NOTES
INTRODUCTION
1. The term ‘‘intersectional’’ was introduced by Crenshaw (1989), who discussed how
black women’s experience is more than the sum of their race and sex. Collins (1990)
uses similar concepts in discussing the matrix of oppression.
2. Other friendship forms, particularly those between bisexual and heterosexual indi-
viduals and across the spectrum of sexual-orientation categories, could also be ana-
lyzed for the ways they reflect and perhaps shape contemporary social life, but they
are not the focus of this book.
3. Warner’s (1991: 3–17) definition of heteronormativity continues that its coherence
is always provisional, and its privilege can take several (sometimes contradictory)
forms: unmarked as the basic idiom of the personal and the social, marked as a
natural state, or projected as an ideal or moral accomplishment. It consists less of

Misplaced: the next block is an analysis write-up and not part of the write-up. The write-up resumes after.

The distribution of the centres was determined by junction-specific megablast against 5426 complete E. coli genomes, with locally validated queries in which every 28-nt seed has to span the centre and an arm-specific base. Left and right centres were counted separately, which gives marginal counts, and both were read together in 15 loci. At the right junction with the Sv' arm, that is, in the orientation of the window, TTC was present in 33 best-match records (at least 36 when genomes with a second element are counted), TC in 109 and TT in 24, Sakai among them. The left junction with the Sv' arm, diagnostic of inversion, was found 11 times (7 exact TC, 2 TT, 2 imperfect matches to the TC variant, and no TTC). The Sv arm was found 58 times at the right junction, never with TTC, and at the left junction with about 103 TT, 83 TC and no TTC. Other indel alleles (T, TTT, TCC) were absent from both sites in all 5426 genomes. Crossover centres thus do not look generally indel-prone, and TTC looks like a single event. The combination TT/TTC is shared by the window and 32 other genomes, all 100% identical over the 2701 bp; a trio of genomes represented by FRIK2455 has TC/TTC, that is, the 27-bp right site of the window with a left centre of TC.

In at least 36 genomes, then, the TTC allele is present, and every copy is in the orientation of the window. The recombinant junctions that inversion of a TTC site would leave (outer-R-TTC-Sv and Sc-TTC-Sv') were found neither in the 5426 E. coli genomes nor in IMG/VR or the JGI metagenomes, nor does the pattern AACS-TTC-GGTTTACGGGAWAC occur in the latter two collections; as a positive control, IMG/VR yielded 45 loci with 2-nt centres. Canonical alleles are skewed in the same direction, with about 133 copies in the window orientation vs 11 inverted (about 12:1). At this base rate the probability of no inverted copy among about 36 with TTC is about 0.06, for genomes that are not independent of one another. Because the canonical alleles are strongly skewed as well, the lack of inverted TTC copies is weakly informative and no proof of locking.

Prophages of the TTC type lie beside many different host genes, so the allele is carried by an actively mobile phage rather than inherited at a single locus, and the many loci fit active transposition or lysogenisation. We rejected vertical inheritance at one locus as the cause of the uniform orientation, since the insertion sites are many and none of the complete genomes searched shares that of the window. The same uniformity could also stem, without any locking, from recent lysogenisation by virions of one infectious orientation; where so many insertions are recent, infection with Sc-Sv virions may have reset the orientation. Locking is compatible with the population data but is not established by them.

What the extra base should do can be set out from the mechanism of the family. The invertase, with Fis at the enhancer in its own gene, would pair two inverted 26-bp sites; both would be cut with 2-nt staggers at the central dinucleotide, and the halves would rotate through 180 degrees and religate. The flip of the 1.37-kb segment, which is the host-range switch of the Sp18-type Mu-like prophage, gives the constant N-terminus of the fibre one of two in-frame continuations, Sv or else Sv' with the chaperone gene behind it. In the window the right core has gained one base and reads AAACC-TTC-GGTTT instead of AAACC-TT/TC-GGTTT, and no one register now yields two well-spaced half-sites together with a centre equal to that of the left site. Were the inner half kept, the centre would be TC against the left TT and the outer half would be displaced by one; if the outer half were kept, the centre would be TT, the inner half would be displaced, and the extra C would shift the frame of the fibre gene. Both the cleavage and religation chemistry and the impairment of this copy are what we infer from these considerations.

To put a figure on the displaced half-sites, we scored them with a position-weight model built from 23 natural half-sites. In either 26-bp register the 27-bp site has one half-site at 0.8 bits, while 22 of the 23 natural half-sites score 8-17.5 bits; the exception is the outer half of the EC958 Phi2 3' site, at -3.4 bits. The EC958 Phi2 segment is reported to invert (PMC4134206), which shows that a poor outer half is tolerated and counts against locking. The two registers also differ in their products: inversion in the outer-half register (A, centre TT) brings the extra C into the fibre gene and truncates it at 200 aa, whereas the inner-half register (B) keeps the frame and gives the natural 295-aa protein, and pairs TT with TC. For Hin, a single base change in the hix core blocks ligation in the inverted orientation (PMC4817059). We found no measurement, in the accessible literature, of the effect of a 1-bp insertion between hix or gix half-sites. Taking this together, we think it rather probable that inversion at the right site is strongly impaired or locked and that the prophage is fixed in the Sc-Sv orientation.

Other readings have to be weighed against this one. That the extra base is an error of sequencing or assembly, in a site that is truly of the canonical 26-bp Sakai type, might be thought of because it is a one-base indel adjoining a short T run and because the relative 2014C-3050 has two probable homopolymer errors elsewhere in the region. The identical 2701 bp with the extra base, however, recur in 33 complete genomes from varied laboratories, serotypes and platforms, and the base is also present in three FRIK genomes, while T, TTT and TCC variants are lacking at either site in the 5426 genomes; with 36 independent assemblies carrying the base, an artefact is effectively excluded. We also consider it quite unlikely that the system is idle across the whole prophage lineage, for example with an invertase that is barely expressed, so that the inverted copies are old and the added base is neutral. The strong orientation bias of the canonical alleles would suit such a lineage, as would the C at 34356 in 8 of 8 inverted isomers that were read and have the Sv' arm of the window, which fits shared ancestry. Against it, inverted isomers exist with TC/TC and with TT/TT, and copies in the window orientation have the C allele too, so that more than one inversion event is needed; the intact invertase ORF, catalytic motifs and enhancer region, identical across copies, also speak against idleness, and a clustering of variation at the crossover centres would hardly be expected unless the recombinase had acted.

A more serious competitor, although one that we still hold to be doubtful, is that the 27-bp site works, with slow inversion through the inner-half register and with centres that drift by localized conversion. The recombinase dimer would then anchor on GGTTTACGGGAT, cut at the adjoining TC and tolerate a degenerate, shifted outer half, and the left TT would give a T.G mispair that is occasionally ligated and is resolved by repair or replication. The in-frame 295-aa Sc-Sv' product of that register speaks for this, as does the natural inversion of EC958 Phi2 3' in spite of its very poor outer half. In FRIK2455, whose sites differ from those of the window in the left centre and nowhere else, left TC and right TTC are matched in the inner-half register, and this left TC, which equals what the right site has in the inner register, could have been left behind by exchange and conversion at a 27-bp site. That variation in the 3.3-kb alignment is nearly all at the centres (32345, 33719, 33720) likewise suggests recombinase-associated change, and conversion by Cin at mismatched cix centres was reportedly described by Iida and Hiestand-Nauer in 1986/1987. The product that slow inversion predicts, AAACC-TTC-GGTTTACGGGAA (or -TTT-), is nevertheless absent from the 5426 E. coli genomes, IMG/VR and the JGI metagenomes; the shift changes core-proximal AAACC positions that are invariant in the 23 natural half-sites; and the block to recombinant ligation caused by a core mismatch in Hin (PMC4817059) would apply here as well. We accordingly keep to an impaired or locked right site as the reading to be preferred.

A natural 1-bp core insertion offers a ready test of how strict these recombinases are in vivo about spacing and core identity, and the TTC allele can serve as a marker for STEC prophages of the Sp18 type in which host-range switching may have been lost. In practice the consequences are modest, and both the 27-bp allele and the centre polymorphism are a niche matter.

norms that can be summarized as a body of doctrine than of a sense of rightness
produced in contradictory manifestations—often unconscious, immanent to practice
or to institutions. Contexts that have little visible relation to sex practice, such as life
narrative and generational identity, can be heteronormative in this sense, while in
other contexts, forms of sex between men and women might not be heteronormative.
Heteronormativity is thus a concept distinct from heterosexuality. One of the most
conspicuous di√erences is that it has no parallel, unlike heterosexuality, which orga-
nizes homosexuality as its opposite. Because homosexuality can never have the invis-
ible, tacit, society-founding rightness that heterosexuality has, it would not be pos-
sible to speak of ‘‘homonormativity’’ in the same sense.
4. Throughout the book, I use the terms ‘‘straight’’ and ‘‘heterosexual’’ interchangeably,
but in most cases I use ‘‘gay’’ or ‘‘lesbian’’ instead of ‘‘homosexual’’ because of the
history of mental-health and medical professions’ pathologizing same-sex desire
and identities.
1 YOU’VE GOT TO HAVE FRIENDS
1. As I discuss in the introduction, these assumptions are based on compulsory hetero-
sexuality, or the dominant cultural expectation that women will be innately sexually
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